Gillo Pontecorvo’s The Battle of Algiers

The Battle of Algiers is known for its neorealism, cinema verite as they say, images so real that we have to be told they’re not.


Its strength, however, lies not only in its images.

Gillo Pontecorvo's The Battle of Algiers

But in its development of a central theme: our inherent inhumanity to one another.

Gillo Pontecorvo's The Battle of Algiers

The chaos of knowing that.
Gillo Pontecorvo's The Battle of Algiers

And that it will never change.Gillo Pontecorvo's The Battle of Algiers

Still Reel: Herzog, Phoenix & Synecdoche

“Filmmakers are liars.”  So said Werner Herzog at the New York premiere of his 3-D documentary Cave of Forgotten Dreams in 2011. He explained that  film is a constructed thing, made up in its framing, lighting, editing, acting and the arc of the story. No matter how Cinema Verite any film might claim to be, it will always be what it is: fabricated and artificial.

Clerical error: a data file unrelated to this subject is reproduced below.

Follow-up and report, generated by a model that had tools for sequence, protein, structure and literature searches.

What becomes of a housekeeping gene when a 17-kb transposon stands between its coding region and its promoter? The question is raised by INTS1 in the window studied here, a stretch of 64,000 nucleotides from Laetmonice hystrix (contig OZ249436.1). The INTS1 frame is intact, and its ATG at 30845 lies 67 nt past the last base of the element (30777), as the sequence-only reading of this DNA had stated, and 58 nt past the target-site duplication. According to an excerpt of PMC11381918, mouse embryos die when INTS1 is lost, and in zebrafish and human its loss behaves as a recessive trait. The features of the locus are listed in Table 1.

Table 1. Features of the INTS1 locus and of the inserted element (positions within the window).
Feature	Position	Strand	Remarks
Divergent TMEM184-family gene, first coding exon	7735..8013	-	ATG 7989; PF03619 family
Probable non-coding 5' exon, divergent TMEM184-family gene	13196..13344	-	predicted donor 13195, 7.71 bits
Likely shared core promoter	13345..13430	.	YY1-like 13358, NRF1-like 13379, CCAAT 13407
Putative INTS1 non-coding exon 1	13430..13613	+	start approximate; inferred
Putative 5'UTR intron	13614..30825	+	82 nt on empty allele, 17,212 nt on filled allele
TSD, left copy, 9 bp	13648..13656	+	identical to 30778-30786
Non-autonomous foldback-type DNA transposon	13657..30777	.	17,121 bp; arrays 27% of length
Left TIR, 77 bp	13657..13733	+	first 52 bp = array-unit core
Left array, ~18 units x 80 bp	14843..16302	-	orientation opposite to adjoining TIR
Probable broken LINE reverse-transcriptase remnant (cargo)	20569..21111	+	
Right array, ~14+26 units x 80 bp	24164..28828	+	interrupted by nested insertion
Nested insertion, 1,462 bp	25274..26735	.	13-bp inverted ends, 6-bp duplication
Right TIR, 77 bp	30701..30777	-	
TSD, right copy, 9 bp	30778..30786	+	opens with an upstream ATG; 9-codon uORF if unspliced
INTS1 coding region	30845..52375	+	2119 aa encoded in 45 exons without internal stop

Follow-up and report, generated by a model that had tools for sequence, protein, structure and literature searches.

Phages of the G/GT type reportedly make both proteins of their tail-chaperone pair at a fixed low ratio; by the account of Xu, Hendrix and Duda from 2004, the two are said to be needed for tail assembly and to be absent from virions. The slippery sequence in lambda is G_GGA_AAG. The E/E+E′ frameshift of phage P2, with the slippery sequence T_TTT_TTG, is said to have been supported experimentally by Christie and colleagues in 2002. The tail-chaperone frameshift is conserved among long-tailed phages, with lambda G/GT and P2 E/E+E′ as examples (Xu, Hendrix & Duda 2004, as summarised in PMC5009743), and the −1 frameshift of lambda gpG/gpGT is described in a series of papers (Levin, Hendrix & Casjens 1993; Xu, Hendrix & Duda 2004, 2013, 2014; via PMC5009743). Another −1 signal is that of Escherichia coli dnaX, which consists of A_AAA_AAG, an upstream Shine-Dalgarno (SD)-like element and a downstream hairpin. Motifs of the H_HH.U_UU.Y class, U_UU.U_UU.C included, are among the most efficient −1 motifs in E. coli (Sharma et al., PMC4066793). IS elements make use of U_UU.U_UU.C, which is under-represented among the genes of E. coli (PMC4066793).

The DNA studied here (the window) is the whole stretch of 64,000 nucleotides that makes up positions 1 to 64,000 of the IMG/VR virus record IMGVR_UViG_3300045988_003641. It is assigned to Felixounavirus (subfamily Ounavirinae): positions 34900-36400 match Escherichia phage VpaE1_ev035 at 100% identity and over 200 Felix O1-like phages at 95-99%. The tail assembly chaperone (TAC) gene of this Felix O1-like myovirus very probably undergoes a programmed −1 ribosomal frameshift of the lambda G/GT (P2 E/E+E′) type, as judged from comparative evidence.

Joaquin Phoenix’s film, I’m Still Here, attempts to address this issue directly. As he explained on The David Letterman Show, the film looked to “explore the relationship between the media and the consumers and the celebrities themselves. We wanted something that would feel really authentic.” Indeed, the film makes a mockery of the Hollywood machine, the audience, even himself.

The thing is that film – as is writing – is just a synecdoche, a small part of something else. In other words, even though a narrative might strive to be more than it really is, with the characters staring back, time codes in the left hand corner, it remains just a story, a splinter, a rejoinder, a sigh, a whimper.

As Dee says in My Bad Side: “I mean, I know there is only death, just that. I know it is just about waking up and getting out of bed until I don’t. And then it isn’t. I know that dreams are chemical. I know I am stuck in this life. And I know that is it. I hate it or say that I hate it to myself, but it isn’t that bad a thing.